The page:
Hi. I really appreciate this website and the work you’ve done in putting it together/maintaining it. I have a quick question. I ran the numbers in your REPAYE calculator (to include my income only –since my wife doesn’t have an income as she is raising our little ones). According to the calculation, my new student loan payment would be approximately $385 (which is a couple hundred below my current IBR monthly payment for my personal student loans). However, the calculation also stated that the $385 would be the ‘total’ amount we would both pay (if my wife also entered the REPAYE program). To clarify, does that mean our combined total monthly payment for student loans would be $385? I ask because we both have a large student loan debt. My current paymnet under IBR is $561 and hers is $389 under the level 30 year plan. Thanks!
May 3, 2014
Hi! Thanks for the kind words.
There is a bit to untangle in your question.
First, if your wife currently does not have an income, why is her monthly payment on IBR $389? It should be zero (but a lot of variables do come into play based upon how you file your taxes, and how you reported your income to your lenders and how you reported your student debt on her IBR application).
Your last sentence is also a bit concerning to me because there is no IBR “under the level 30 year plan”. IBR forgiveness actually triggers after 25 years, so I’m not sure where the 30 would come from, plus there is no “level” plan as IBR payments change each year based upon your income.
To answer your original question, if you did sign up for REPAYE, the combined payments for you and your wife would be based upon your combined incomes.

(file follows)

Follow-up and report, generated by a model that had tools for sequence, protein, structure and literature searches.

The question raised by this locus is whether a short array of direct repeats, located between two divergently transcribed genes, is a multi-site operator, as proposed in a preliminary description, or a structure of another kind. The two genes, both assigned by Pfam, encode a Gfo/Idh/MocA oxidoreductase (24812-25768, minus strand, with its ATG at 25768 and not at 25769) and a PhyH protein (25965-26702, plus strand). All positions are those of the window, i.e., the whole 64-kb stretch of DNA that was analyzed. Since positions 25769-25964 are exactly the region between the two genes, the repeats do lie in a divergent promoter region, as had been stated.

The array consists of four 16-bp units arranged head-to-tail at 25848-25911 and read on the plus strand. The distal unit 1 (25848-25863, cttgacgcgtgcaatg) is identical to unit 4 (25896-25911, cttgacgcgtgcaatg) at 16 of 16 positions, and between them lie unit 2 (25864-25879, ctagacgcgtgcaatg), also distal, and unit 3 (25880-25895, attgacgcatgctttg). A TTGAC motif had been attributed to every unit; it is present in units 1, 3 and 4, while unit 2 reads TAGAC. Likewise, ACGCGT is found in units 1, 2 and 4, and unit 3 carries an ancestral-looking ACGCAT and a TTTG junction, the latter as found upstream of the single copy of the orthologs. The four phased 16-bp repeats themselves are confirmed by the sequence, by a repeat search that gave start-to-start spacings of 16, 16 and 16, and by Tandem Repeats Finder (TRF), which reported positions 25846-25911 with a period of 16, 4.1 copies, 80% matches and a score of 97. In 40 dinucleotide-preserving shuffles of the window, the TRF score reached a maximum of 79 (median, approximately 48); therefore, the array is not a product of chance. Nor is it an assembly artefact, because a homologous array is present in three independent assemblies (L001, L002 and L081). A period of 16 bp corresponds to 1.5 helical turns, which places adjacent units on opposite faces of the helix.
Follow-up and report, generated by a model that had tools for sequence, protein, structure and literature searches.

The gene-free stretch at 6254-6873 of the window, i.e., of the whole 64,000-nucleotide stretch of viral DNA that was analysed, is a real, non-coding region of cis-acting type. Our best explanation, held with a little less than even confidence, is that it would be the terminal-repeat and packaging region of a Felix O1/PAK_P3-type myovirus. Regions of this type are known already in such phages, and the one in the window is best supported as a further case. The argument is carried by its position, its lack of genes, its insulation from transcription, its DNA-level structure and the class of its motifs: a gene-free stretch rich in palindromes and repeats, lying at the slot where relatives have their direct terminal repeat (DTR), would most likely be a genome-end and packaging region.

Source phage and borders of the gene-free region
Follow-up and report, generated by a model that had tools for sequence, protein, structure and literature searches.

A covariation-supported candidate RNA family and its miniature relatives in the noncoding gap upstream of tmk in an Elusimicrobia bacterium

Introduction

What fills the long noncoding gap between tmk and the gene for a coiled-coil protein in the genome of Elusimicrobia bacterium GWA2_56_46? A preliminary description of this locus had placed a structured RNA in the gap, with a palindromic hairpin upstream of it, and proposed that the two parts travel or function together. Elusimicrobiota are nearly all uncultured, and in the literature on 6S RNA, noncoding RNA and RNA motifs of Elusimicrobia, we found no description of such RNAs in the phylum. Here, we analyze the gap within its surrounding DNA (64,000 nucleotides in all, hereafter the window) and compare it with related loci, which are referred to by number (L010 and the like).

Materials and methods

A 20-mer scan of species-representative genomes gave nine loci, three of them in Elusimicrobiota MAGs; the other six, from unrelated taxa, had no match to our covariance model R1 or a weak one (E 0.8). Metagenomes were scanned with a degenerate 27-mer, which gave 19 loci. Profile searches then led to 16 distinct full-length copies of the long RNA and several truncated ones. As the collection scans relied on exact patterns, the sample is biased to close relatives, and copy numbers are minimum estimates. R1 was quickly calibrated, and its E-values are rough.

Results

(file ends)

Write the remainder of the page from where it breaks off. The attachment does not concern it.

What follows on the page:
As a general matter, if you are on IBR and sign up for REPAYE, your payments should drop to about 2/3 of what you were originally paying. So if you were paying 150 per month, payments will drop to 100.
Thanks for the reply! Hopefully this will provide some clarity:
Me: I am on IBR. Current IBR payment is at $561 per month. I am the sole income earner.
My Wife: She is on the ‘extended payment plan’ ($389 per month). When she asked her loan servicer about switching to IBR they advised her payments would go up if she did so (apparently since we file jointly).
At any rate, according to your REPAYE calculator, if I switched to REPAYE, my monthly payments would drop by 1/3 (down to $384). If my wife also switched to REPAYE, would that be her monthly payment as well? ($384?) —-and our combined monthly individual payments would equal $768? (This question assumes we will continue filing taxes jointly each year).
May 3, 2014
This question of yours just got very interesting, and I will have to do some more research in order to get back to you.
Here is the issue: Under IBR (for example) is the couple expected to pay 15% of their combined discretionary income towards student loans, or is it 30%?
– If what your wife was told is correct, it would be the 30%
– However, according to this page, http://www.ibrinfo.org/update_…..10.vp.html , The information your wife received is incorrect.
– Making things more complicated, if we look at the Federal repayment estimator, https://studentloans.gov/myDirectLoan/mobile/repayment/repaymentEstimator.action , it seems that it is the 30%… which would mean a HUGE penalty for married couples who both have balances when paying off their student loans.
Going back to REPAYE, we will have to investigate to see if the rules are the same for REPAYE as they are for IBR in this manner.
I’m going look into this further and get back to you in the next few days.
May 3, 2014
I’ll also add my educated guess…
I think what your wife was told was wrong. I think that your combined IBR payments should add up to $561 or that your combined REPAYE payments should add up to 384.
To treat it any other way would amount to a huge marriage penalty for couples who both have federal student loans.
That all being said, there is some information out there that would indicate otherwise, so I can’t yet say for sure.
Thanks! I really appreciate it. I suspect my wife may have received inaccurate feedback from her loan servicer (ACS, btw).
May 3, 2014
Hopefully this article explains everything fully: https://studentloansherpa.com/ibr-married-couples-student-loans/
Thanks again for the great discussion!
Excellent feedback! Thank you for the research and feedback!
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